Pedigree is important in animate objects such as racehorses, show dogs, and maybe NASCAR drivers, but does it mean anything for boats—or, more specific, hull forms? Is there such a thing as nautical DNA that predisposes a certain boat to greatness based upon other successful boats from the same builder or naval architect?
According to the folks at Hunt Yachts, the answer is yes, and whether you buy their argument or not, you have to be impressed by the bloodlines of their six boats: the Harrier 25 and 36; Surfhunter 25, 29, and 33; and 36 Classic. All are products of C. Raymond Hunt and Associates. Its founder, the late Ray Hunt, is generally credited with refining and popularizing the deep-V hull and drew perhaps the most famous powerboat of all time, the 31-foot Bertam Moppie. In 1961 she established standards for rough-water performance that still stand today.
Since then Hunt's firm completed scores of projects as diverse as the elegant Concordia yawl; the original Boston Whaler; megayachts from Palmer Johnson, Derecktor, Lyman-Morse, Burger, and others; police and military craft; and most impressive for me, pilot vessels that must go to sea no matter the weather and sea conditions. Clearly each hull is different, but Hunt Yachts would have you believe all share a genetically endowed something that yields a special and uncompromising seaworthiness.
Fact or hype? I don't know. But I can tell you that one of C. Raymond Hunt's latest creations, the Surfhunter 33, is a hell of a sea boat. I had her out in threes and fours at speeds from 21 to 34 mph, up-sea, down-sea, beam-to—you name it. Her performance was poised on all points—smooth, controllable, and absolutely dry. After as tough a wring-out as I've ever given a boat, I had but two gripes: I found the steering heavy and at certain trim tab settings I noted some weather helm, possibly due to her tunnel drive (which permits beaching). Even so, an exemplary performance.
And performance doesn't mean just seaworthiness. Consider that with the optional—and superbly performing—single 380-hp Cummins QSB 380 common-rail diesel, the 33 not only hit 34 mph, but also did so while getting 1.73 mpg and exceeded 2 mpg at every speed below that yet still exhibited surprising acceleration. If you're looking for a boat that's a real pleasure to drive, you'll have trouble finding a better candidate than the Hunt Surfhunter 33.
The 33 is also a viable weekender for two in standard form, partly because roughly half of her LOA is cabin. Her V-berth has a filler for sleeping but is also available with a table, and the enclosed head aft and to starboard is roomy, although it lacks an enclosed shower and has something I haven't seen in ages on a new boat: a Wilcox-Crittenden manual MSD. Farther aft and to starboard, a four-person dinette converts to a double berth, and pad eyes overhead provide mounting points for a pilot berth. The starboard galley offers a four-cubic-foot Norcold refrigerator, single-burner butane stove, and microwave/convection oven. There's decent stowage here and in a half hanging locker to port between the dinette and stateroom. Interior woodwork is satin-finish cherry, accented by Corian.
The 7'3"-long bridge deck, three steps up, is the real center of action. On our boat, port and starboard pedestal seats offered good visibility through the two-panel windshield, with room for six more to sit at an L-shape settee aft and to port. Even open, its fold-in-half teak table is too small for serious dining, and its cantilevered leaf felt a bit unstable to me. Another option eliminates the port-side pedestal seat and extends the L-shape lounge forward. Either way you get big stowage beneath and good helm sightlines, standing or seated. The small but elegant teak instrument pod can accept a large, multipurpose monitor (ours had a Raymarine C120 plus a SmartCraft monitor), and all electrical switches are in a cabinet to right of the helmsman for convenience. Directly aft, a 20"x30" hatch leads to the engine compartment, but for maximum—and I do mean maximum—engine access, the entire bridge deck raises on an electric ram.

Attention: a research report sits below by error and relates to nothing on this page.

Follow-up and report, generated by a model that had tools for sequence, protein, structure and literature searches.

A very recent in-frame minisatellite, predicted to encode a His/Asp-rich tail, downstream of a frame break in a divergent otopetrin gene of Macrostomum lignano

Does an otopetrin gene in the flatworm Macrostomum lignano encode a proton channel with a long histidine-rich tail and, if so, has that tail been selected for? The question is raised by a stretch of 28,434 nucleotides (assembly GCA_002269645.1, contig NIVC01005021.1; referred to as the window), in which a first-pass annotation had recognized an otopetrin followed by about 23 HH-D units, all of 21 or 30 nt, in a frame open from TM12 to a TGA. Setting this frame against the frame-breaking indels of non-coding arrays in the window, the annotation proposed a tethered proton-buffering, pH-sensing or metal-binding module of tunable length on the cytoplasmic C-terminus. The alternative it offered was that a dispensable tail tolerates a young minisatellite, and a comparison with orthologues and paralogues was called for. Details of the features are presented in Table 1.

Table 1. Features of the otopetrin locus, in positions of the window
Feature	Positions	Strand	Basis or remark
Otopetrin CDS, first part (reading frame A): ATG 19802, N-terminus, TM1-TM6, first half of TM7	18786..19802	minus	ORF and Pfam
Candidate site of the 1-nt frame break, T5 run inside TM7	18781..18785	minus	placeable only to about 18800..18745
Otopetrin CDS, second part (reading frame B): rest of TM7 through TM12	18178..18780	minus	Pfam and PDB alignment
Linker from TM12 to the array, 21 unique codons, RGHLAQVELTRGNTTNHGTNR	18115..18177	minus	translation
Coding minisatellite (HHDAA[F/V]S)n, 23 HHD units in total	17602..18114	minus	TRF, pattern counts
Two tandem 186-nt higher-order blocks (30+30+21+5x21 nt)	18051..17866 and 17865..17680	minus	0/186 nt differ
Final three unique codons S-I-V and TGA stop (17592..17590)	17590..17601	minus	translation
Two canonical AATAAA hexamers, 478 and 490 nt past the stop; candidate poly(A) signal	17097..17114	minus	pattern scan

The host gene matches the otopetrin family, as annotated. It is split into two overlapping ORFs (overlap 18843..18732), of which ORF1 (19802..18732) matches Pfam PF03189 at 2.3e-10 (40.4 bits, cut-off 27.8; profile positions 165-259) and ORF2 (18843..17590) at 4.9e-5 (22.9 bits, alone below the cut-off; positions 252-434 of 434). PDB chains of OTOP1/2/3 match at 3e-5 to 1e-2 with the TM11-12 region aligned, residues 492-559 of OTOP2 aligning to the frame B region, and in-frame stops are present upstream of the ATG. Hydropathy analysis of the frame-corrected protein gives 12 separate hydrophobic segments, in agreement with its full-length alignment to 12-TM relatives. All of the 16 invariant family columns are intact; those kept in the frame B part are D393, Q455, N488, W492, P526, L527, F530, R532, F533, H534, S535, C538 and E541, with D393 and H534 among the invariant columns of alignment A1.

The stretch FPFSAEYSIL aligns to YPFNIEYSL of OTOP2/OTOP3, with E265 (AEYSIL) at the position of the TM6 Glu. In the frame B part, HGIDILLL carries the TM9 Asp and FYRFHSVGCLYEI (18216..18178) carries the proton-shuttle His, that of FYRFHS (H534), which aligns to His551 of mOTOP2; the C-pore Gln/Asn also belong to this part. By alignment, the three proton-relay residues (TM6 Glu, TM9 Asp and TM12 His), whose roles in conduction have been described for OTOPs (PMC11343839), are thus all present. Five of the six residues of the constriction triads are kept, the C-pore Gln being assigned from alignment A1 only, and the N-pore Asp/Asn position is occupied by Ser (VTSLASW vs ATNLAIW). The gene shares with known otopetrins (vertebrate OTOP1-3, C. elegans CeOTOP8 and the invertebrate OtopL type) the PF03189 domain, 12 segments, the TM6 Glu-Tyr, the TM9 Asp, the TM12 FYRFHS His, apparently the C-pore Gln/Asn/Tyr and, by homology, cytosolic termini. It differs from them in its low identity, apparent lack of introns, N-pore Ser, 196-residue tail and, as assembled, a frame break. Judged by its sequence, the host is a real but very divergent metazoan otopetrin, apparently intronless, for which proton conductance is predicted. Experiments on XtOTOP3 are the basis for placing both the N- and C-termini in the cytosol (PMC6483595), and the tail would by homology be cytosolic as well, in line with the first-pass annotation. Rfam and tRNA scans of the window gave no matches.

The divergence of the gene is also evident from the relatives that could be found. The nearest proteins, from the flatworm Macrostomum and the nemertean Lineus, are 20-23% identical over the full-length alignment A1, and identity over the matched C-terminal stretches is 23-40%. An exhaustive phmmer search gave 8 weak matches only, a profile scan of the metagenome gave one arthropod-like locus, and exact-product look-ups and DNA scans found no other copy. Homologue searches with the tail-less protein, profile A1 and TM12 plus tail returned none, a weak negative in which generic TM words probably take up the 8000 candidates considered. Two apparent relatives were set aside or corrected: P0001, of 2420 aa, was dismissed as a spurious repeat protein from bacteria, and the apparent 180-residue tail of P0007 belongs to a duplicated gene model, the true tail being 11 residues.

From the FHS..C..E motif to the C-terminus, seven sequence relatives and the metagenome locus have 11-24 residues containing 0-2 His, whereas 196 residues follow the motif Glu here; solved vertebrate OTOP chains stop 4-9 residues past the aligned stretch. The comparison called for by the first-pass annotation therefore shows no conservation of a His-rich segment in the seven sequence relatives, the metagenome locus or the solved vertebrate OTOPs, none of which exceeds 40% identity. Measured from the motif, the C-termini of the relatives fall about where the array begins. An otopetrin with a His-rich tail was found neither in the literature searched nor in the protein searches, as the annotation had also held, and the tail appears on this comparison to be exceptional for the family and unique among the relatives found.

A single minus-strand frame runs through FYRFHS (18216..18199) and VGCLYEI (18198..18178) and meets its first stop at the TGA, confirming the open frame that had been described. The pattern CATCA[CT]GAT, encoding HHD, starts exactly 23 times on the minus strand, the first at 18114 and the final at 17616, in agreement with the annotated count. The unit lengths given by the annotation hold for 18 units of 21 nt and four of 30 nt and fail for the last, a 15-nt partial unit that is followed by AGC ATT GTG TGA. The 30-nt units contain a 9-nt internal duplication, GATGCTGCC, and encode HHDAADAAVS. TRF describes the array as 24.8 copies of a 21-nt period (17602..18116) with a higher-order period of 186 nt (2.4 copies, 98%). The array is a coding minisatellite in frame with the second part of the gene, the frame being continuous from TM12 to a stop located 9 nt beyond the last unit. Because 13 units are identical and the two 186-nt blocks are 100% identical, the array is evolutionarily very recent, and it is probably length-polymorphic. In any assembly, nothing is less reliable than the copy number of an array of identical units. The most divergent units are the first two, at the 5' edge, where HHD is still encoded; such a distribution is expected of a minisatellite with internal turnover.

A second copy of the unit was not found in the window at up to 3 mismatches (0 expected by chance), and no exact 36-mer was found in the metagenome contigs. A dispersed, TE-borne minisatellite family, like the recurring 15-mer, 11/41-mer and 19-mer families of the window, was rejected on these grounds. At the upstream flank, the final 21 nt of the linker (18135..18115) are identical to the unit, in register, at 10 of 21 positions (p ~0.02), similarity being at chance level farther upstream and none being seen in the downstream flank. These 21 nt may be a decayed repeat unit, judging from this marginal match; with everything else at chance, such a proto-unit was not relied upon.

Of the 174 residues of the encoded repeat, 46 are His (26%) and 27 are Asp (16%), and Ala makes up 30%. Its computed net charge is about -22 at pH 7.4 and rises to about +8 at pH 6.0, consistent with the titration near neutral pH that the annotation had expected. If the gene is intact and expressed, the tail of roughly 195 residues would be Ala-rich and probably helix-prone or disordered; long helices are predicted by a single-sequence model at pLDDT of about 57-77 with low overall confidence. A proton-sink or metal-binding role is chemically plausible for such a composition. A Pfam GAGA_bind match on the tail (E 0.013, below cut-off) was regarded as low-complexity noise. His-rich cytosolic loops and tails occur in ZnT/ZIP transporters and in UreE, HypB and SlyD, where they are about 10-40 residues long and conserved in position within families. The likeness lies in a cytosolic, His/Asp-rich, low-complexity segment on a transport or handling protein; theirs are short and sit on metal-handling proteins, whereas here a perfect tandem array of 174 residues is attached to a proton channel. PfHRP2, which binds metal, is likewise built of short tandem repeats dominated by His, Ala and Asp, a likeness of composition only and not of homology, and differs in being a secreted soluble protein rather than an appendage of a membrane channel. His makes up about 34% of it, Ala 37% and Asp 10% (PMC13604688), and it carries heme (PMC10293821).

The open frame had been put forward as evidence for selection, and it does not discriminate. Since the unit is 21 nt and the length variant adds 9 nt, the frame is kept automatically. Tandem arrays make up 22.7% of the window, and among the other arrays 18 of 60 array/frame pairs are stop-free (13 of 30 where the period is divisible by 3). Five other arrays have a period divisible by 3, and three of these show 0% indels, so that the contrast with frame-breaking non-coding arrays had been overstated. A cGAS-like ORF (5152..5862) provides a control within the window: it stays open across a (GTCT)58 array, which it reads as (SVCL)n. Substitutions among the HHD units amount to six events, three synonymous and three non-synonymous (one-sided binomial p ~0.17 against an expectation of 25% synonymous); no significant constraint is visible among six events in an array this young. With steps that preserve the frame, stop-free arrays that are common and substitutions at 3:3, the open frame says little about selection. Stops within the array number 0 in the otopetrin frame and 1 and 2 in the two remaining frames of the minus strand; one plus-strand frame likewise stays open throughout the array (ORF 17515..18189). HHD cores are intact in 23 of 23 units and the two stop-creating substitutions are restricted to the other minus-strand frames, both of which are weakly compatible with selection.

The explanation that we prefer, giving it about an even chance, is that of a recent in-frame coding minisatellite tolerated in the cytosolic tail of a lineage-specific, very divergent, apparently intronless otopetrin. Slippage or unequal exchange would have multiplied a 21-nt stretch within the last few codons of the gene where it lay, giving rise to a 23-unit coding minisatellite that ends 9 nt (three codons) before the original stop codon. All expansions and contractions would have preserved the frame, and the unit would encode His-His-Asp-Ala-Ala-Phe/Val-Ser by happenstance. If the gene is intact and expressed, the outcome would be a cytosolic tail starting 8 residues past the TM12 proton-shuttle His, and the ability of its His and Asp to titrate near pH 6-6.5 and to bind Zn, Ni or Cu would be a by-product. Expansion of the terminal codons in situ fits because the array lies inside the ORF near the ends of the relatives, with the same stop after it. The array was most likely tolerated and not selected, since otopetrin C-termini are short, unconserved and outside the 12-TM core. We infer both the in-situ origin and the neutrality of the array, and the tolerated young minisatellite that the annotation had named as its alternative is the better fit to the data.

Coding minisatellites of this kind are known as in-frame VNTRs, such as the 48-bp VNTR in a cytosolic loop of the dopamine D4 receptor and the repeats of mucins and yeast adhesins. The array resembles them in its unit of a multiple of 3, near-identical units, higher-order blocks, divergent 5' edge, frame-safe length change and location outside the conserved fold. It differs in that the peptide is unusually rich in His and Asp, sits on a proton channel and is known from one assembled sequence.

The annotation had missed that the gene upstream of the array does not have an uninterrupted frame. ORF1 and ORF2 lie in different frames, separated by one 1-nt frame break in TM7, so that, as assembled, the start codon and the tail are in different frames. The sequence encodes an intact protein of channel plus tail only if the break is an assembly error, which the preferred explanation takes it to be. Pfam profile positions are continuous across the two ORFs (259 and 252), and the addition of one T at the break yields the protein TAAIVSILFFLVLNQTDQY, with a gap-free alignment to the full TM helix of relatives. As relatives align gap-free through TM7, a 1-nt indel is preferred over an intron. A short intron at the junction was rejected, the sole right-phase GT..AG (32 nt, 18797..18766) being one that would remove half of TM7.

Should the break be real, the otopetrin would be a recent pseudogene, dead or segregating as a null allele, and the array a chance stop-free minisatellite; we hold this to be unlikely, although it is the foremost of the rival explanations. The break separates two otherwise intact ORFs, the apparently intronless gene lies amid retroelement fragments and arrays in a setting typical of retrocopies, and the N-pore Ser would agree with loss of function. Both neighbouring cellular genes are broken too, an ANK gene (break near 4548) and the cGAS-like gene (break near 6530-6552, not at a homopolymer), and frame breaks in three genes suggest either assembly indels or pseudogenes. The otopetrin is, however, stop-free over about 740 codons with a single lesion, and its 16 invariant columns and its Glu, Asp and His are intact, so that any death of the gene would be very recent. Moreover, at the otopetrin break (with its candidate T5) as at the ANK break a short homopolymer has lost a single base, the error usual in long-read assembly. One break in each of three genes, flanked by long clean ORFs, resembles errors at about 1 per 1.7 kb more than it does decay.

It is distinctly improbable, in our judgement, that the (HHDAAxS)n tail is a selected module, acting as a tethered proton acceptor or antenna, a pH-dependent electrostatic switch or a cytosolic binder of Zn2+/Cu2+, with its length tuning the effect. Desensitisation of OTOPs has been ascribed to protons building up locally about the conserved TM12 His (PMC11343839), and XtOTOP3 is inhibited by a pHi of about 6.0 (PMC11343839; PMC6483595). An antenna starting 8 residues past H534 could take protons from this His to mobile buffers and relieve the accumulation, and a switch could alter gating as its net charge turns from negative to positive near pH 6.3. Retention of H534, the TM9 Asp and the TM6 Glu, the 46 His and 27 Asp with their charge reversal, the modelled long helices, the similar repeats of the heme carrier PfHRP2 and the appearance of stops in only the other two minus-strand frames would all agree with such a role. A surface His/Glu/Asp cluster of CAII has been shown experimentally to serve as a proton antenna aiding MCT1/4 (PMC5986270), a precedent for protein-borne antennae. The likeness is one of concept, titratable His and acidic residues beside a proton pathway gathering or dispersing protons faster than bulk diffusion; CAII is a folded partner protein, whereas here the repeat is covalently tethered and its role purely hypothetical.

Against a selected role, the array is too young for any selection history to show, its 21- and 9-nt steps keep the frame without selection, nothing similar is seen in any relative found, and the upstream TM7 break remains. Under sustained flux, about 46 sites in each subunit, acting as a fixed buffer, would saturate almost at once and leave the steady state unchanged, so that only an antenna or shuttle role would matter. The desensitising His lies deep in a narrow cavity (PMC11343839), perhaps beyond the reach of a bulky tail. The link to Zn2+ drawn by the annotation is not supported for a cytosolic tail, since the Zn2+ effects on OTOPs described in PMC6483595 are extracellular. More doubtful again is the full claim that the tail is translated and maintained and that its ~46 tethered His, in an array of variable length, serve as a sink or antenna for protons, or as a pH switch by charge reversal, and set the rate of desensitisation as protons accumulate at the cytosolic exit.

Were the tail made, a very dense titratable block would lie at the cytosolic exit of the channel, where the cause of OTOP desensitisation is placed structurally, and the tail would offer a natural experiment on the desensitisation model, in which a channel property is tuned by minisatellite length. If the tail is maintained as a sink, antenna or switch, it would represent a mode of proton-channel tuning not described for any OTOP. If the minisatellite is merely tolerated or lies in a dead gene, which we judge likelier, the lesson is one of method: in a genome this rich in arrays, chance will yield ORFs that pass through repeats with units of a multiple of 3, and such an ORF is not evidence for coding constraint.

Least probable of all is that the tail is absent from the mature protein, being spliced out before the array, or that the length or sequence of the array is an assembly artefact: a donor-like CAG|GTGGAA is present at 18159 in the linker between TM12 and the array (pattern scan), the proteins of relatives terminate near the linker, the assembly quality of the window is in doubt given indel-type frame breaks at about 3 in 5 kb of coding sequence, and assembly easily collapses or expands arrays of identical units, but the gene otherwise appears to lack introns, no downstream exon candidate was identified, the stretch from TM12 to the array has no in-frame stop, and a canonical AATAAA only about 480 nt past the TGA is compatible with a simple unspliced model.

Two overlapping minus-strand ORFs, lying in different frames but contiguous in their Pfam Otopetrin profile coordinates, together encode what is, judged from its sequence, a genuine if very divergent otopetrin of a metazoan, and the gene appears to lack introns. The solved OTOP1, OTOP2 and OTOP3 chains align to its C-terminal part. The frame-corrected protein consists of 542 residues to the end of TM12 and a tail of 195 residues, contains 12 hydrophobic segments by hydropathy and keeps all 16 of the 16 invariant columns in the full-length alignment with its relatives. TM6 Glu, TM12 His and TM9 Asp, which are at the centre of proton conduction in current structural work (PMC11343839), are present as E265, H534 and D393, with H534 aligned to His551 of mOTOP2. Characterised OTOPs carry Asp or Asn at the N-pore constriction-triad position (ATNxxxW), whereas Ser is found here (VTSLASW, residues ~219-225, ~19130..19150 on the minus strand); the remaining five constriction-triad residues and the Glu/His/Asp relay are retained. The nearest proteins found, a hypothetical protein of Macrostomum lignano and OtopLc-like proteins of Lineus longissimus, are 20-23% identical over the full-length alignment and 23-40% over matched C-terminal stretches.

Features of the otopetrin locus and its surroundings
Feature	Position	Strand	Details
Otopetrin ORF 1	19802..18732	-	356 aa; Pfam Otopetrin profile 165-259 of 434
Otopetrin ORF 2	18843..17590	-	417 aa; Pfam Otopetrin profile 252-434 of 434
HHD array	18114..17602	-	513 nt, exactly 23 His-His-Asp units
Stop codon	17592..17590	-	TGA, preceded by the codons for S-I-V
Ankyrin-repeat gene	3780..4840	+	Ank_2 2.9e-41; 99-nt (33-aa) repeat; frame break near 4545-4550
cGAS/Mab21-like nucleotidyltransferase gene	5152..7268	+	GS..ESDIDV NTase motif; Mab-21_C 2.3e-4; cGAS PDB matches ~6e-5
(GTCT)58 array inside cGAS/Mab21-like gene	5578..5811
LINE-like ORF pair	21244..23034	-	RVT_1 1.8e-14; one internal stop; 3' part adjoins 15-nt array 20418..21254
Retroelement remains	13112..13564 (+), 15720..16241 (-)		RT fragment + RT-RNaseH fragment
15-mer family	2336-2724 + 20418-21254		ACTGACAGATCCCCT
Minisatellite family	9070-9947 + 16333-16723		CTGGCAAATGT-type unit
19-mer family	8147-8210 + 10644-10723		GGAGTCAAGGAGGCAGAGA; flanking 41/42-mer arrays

Fuel tanks and batteries are under the six-foot-long cockpit for better on-plane performance; they're accessed through a five-foot-long centerline hatch that folds in the middle for easier lifting, but the entire cockpit sole can be removed in three pieces for total access. Our boat had the optional transom seat that is not only sunny but also devoid of spray. Engine-air intakes in each aft quarter reduce noise. Along with a monster muffler under the starboard side, the result is a quiet boat, as evidenced by our spec chart.
Our spec chart also indicates a fairly healthy price: more than $300,000 for a single-engine, optioned-out, well-built boat that will definitely turn heads. Worth it? Hey, purebreds don't come cheap.
Stamoid navy top; 4/Lewmar opening ports w/ screens; teak glovebox w/ drink holders; varnished teak bridge-deck table; dripless shaft logs; Lewmar bow thruster; 20-amp battery charger; trim tabs w/ position indicators; single-burner butane stove; manual MSD; Corian countertops; microwave oven
transom seat; custom teak ensign flag staff; teak swim platform, companionway doors, eyebrow on coach-roof sides, and boarding steps; cockpit shower; Lewmar sprint 600 windlass; Delta anchor and chair; side and stern curtains; exterior cushions
Test Boat Specifications
- Test Engine: 1/380-hp Cummins QSB 5.9 380 diesel inboard
- Transmission/Ratio: ZF220/2.04:1
- Props: 21x29.9 5-blade nibral
- Price as Tested: $311,045
This article originally appeared in the June 2005 issue of Power & Motoryacht magazine.